During the famously riotous 1913 debut performance of the Rite of Spring, the crowd clamored as much over Vaslav Nijinsky’s physical, erratic choreography as they did over Igor Stravinsky’s thunderous score. It’s something that’s lost in contemporary performances of the Rite: the work is often performed in symphony halls, without dancers, and when the ballet is staged it inevitably differs from Nijinsky’s vision. Contemporary choreographers have attempted to reconstruct the Rite from photos, primary-source writeups, and sketches, but no complete documentation of the dance exists, a century after its premiere.

This year, to commemorate that centennial anniversary, the North Netherlands Symphony Orchestra commissioned the design studio Arcade to create a multimedia installation that would accompany a performance. The group–James Alliban, Keiichi Matsuda and William Coleman–installed 50 lasers in the concert hall, each of which responds to the volume of a particular instrument. It’s not a dance, per se, but the rhythmic, musically responsive light show does add a welcome visual accompaniment.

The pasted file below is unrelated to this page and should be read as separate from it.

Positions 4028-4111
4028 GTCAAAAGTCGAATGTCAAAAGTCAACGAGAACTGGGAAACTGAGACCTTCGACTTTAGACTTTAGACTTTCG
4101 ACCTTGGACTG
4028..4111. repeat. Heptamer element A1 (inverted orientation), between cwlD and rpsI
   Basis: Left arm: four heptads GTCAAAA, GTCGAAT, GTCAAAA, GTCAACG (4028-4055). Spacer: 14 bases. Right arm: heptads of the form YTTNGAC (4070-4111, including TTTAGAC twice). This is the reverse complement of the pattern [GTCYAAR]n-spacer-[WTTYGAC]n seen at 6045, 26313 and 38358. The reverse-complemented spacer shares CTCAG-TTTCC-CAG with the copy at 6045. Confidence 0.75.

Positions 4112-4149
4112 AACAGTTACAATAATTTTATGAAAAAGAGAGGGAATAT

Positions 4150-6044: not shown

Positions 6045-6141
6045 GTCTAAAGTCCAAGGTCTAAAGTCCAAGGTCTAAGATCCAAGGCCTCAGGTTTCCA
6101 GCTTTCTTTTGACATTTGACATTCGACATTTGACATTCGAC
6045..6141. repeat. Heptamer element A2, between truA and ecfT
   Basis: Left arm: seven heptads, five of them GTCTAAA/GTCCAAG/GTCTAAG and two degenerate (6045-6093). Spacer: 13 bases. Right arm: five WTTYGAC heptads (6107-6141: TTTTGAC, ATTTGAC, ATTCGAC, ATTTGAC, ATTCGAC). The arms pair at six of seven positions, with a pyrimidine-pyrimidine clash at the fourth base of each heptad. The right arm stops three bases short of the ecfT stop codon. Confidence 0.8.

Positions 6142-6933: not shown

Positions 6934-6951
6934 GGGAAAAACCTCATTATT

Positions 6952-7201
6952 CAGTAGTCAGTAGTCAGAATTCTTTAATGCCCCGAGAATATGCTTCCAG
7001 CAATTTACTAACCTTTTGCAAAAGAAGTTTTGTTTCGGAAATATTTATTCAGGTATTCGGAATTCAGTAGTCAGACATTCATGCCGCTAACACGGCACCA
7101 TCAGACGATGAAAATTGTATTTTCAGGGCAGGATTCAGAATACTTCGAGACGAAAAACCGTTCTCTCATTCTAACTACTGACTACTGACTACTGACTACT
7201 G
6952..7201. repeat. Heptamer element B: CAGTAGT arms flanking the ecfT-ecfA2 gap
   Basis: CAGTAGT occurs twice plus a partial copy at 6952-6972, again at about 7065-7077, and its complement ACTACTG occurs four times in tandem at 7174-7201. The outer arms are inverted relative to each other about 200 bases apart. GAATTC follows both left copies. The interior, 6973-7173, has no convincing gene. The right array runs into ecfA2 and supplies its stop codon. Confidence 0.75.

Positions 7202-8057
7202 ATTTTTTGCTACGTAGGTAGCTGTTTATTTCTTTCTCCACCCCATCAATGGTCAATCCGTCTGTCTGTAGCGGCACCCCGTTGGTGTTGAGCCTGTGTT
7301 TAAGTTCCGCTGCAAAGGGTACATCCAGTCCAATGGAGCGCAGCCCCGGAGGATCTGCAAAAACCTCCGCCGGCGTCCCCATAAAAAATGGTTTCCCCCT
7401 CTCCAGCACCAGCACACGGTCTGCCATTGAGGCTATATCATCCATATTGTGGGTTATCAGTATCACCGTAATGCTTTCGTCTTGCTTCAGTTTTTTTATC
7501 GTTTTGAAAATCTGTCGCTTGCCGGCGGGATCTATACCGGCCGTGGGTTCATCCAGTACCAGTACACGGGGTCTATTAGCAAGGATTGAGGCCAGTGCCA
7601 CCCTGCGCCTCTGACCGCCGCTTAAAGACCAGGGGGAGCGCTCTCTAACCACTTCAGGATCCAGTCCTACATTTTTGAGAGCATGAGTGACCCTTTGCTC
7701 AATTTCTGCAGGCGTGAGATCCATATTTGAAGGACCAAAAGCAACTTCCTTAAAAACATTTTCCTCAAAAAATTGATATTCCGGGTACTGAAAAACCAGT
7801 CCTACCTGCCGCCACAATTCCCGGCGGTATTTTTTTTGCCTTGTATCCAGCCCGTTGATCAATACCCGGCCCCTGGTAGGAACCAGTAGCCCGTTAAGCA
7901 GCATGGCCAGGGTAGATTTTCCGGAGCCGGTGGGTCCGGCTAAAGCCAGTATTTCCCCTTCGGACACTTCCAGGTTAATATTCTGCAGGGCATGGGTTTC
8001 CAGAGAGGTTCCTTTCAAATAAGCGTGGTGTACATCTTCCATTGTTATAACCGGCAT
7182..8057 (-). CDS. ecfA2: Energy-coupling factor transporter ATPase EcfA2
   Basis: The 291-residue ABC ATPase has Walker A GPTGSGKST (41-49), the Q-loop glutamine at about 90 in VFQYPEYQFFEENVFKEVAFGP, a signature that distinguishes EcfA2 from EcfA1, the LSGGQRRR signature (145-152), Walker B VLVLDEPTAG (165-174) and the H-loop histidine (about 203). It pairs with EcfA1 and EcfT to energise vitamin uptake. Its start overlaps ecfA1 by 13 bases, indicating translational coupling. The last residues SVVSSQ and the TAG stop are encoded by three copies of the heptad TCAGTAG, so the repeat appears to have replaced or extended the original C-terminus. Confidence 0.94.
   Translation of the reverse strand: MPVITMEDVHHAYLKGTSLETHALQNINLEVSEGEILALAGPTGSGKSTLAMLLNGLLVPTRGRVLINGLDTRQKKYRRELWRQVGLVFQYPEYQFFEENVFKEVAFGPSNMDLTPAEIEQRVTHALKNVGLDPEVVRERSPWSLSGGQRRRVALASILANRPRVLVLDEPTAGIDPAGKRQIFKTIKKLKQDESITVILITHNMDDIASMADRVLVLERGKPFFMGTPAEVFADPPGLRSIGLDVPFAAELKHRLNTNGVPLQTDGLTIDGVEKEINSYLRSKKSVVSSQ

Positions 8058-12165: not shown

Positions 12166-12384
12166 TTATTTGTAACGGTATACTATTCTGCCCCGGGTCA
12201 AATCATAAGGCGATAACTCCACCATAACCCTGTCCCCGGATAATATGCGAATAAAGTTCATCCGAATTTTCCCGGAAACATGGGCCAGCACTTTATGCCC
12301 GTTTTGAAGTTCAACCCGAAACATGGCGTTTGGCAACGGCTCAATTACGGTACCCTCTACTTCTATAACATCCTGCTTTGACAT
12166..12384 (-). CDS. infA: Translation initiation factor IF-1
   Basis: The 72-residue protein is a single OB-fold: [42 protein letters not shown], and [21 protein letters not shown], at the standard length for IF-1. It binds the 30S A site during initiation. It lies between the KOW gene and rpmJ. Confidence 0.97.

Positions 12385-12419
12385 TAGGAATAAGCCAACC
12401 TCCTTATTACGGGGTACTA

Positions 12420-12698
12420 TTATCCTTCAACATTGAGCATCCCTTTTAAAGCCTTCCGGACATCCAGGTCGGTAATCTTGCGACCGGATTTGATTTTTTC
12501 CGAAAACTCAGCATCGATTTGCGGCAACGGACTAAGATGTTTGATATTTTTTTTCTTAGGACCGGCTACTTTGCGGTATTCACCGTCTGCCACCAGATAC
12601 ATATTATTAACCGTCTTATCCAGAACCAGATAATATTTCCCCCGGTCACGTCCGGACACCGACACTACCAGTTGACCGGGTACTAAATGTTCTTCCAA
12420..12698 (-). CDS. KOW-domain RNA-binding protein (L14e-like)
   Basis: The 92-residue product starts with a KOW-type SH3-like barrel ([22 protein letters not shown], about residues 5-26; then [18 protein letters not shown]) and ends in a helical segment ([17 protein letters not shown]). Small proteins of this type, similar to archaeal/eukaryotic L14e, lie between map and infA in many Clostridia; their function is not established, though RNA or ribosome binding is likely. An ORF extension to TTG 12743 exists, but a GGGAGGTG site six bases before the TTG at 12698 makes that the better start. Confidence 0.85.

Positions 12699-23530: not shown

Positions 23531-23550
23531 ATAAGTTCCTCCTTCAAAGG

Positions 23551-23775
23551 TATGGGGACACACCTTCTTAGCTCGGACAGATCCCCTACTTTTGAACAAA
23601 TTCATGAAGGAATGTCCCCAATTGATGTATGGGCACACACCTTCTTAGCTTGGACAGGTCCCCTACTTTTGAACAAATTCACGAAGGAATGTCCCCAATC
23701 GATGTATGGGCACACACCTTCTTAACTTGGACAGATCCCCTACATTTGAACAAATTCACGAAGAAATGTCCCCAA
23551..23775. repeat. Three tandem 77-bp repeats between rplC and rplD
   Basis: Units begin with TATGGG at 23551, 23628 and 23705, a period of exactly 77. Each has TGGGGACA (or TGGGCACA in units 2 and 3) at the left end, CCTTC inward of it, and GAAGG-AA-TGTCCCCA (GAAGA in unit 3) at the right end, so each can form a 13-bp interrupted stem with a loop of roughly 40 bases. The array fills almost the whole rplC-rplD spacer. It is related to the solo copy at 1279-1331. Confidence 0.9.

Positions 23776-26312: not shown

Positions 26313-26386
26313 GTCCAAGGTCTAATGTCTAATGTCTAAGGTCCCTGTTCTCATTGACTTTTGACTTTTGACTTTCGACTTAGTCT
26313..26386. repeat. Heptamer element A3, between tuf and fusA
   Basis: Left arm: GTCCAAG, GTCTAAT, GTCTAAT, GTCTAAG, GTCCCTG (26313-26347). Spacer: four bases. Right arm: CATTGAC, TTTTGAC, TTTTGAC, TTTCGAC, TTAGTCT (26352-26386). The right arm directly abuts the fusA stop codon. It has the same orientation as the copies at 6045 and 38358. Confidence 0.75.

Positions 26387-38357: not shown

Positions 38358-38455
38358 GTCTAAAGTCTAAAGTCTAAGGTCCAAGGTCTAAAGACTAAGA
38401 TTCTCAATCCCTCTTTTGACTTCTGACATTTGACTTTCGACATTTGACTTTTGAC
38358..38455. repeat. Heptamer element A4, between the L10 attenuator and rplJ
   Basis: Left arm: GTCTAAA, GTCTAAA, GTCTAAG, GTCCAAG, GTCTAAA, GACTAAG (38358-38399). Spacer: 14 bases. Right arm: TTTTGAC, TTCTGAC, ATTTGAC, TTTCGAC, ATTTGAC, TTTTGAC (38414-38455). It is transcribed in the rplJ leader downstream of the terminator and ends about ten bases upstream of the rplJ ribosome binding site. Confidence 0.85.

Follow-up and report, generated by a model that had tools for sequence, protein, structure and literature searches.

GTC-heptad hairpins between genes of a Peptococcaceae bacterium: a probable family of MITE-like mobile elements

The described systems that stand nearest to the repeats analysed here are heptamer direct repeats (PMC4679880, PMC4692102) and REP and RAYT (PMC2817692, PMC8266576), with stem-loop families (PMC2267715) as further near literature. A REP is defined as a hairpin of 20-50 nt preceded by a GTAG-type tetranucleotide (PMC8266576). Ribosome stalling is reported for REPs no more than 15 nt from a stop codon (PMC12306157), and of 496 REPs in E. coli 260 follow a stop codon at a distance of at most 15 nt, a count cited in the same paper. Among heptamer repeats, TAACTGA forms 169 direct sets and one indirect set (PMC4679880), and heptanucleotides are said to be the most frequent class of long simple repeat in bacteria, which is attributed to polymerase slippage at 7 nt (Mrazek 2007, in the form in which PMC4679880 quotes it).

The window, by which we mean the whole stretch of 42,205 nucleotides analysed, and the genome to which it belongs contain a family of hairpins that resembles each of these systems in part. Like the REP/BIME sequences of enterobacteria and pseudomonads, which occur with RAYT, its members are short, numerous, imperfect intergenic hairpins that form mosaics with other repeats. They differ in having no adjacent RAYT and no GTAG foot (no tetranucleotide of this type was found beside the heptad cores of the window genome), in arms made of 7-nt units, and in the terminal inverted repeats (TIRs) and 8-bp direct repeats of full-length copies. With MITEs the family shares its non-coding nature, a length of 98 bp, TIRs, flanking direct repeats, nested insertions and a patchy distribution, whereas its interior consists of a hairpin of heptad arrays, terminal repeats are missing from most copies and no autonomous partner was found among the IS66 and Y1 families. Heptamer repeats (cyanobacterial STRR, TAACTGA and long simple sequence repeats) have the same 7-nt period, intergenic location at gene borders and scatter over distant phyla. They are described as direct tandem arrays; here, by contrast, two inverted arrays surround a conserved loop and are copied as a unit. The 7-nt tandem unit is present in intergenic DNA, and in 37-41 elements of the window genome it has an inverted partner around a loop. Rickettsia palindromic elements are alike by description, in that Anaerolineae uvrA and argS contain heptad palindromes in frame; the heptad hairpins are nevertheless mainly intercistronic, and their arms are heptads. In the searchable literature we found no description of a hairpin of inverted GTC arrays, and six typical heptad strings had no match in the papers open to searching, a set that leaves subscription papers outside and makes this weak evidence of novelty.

Watch a sample of the performance, presented in black and white, somewhat unfortunately (those green lasers look cool!) above. Creative Applications explains how it was put together.

This installation consists of 50 custom devices that include 20mW laser modules connected to piezos via custom housed PCBs (designed by Neil Mendoza) and programmed using the Arduino IDE. The Piezos were attached to selected instruments with specially designed putty to pick up the audio vibrations. The resulting signal was picked up by their PCBs (placed beneath the musician’s seat), processed and used to control the lasers positioned on the balcony.